The recent Canopy by Hilton hotel development rising 28 floors along the River Walk in downtown San Antonio is the only Lake Flato-designed building that even comes close in terms of height, but the River Street tower will still be the studio’s biggest design by far — and if built, the project will be a fascinating opportunity to see how the firm’s inspirations translate to a more monumental structure. The design presentation prepared by the architects for the Design Commission meeting later today indicates the concept’s three major goals as follows:
1. VERTICAL PROGRAM: Create a dynamic podium with vertically-integrated program so that the street experience is active, inviting, and native to Austin as well as the Rainey district.
2. BUILDING ECOLOGY: Celebrate nature and community with immersive vegetation and ample views to the lake at all shared spaces.
3. CONNECTION TO PLACE: Design a building that speaks with its context by architecturally responding to the site’s stunning views of the lake and downtown.
— River Street Residences Design Commission Presentation
The tower as shown will occupy an assembly of adjacent tracts including 61 Rainey Street, 69 Rainey Street, and 60 East Avenue — meaning the project will necessitate the removal of longtime Rainey Street bars Javelina and Craft Pride. We’ve heard rumors dating back to before the outbreak of the coronavirus that Craft Pride will continue to operate in some capacity, and it’s possible the bar could even take a spot in the new building’s retail lineup, but nothing’s set in stone at the moment considering the extraordinary circumstances currently facing the service industry.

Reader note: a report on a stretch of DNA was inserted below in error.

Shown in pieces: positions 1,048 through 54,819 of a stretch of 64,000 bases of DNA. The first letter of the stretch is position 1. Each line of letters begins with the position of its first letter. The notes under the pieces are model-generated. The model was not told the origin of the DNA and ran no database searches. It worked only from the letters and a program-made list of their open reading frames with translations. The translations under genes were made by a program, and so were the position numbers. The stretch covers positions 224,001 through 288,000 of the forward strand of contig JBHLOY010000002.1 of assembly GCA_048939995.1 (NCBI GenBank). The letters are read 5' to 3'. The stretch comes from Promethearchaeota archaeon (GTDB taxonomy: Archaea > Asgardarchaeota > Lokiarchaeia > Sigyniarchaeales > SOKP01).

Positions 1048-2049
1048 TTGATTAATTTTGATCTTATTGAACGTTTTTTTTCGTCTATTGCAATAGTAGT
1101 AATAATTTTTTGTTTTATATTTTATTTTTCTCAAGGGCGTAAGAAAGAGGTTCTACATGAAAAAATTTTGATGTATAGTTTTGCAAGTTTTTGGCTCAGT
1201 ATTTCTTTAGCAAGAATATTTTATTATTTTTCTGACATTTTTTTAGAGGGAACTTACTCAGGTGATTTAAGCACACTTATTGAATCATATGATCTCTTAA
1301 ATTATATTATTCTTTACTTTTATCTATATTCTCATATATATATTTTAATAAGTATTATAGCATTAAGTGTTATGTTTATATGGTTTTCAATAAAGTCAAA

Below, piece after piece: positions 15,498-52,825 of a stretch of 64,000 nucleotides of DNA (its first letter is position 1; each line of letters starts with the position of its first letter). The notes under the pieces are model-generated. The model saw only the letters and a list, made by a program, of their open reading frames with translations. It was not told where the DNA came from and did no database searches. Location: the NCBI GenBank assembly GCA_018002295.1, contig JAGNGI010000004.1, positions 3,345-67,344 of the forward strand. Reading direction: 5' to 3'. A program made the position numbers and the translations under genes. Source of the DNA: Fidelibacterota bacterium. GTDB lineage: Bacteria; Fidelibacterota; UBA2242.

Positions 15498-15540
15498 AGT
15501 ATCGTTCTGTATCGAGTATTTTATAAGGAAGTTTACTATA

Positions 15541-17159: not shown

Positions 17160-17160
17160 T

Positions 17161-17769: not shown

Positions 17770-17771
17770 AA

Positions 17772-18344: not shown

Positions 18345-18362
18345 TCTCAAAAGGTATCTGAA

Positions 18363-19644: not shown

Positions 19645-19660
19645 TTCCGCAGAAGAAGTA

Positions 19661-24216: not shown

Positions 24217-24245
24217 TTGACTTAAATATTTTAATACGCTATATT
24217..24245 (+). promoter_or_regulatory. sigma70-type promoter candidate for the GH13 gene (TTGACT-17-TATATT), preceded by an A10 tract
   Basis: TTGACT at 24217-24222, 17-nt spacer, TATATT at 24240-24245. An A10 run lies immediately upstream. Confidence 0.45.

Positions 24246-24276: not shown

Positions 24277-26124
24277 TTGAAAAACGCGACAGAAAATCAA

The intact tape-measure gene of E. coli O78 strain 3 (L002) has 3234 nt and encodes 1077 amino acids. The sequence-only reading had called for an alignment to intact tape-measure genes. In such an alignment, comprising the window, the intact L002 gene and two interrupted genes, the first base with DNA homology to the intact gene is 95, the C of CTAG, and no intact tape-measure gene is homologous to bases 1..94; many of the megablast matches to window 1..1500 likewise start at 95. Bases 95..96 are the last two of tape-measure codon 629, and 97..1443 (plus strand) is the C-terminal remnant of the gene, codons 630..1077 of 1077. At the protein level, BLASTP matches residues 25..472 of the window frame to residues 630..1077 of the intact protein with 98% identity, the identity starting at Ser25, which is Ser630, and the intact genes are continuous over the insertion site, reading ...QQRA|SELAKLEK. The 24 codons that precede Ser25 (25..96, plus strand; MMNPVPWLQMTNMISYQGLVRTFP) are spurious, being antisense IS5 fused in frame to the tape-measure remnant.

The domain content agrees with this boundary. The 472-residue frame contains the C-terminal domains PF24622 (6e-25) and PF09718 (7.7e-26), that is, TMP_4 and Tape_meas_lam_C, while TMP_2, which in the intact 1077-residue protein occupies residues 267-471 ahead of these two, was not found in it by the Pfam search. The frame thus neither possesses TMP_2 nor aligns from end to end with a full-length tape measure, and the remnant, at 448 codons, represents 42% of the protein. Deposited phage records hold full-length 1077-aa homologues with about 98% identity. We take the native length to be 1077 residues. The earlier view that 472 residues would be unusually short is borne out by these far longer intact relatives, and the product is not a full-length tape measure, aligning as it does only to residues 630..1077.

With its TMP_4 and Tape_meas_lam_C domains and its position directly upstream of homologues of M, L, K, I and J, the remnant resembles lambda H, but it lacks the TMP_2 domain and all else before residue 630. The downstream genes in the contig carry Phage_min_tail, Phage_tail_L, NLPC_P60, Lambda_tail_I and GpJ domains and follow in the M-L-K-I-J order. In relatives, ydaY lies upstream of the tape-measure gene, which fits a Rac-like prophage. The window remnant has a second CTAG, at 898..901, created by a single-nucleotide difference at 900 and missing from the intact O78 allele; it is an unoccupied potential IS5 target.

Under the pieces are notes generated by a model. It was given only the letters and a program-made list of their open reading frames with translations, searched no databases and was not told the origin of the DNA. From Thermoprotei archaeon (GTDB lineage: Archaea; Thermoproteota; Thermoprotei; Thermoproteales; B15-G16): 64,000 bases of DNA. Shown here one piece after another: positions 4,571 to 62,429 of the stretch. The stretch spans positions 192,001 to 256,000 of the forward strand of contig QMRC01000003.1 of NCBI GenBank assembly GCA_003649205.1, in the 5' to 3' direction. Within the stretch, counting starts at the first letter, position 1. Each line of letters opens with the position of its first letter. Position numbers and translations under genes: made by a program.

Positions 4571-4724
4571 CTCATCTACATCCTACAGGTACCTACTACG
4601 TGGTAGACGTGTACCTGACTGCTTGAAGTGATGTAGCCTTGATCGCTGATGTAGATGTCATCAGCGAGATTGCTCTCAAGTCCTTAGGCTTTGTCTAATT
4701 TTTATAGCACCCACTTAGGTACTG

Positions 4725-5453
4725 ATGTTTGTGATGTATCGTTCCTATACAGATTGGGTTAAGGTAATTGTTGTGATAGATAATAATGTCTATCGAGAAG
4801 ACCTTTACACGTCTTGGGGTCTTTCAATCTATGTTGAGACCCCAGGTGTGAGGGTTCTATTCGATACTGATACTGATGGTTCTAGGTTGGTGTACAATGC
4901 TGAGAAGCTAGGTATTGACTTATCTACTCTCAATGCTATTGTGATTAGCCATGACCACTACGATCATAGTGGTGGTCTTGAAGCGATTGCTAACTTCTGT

The project’s ground floor features a double-height retail and lobby space, with its 1,500 square feet of retail facing the corner — as explained in the building’s presentation documents for the Design Commission, the tower seeks to provide an active street-level experience respecting the existing context of Rainey Street as a bustling pedestrian environment and entertainment district.
One of the more interesting design elements of the tower, due to its location atop tracts on both Rainey Street and East Avenue, is its position straddling the currently unpaved alley running between those two streets — we’ve been waiting for the improvement of this alley for a while, considering that its paving is necessary for access to the Cambria Hotel planned slightly north of the River Street site, but we weren’t expecting that plan to involve a tunnel through a building.
Looking north up the currently-unpaved alley between Rainey Street and East Avenue, from the same perspective as the rendering seen above.
Despite the obvious uncertainties of the pandemic economy, it’s worth noting that one of the project’s partnered developers, High Street Residential, is a fully-owned subsidiary of deep-pocketed Dallas real estate giants Trammell Crow Company — a firm that tends to follow up on its plans, if you catch our drift.
Judging by this project’s rapid shift from a hotel and residential development to residences alone, it’s clearly not the best time in history to build a tower, but at this point of the crisis we’re happy to see any sign that things haven’t fully ground to a halt locally in terms of new plans making progress. There’s no groundbreaking scheduled for the building at this early stage, but we’ll look forward to finding out more at tonight’s Design Commission meeting — and telling you people all about it, of course.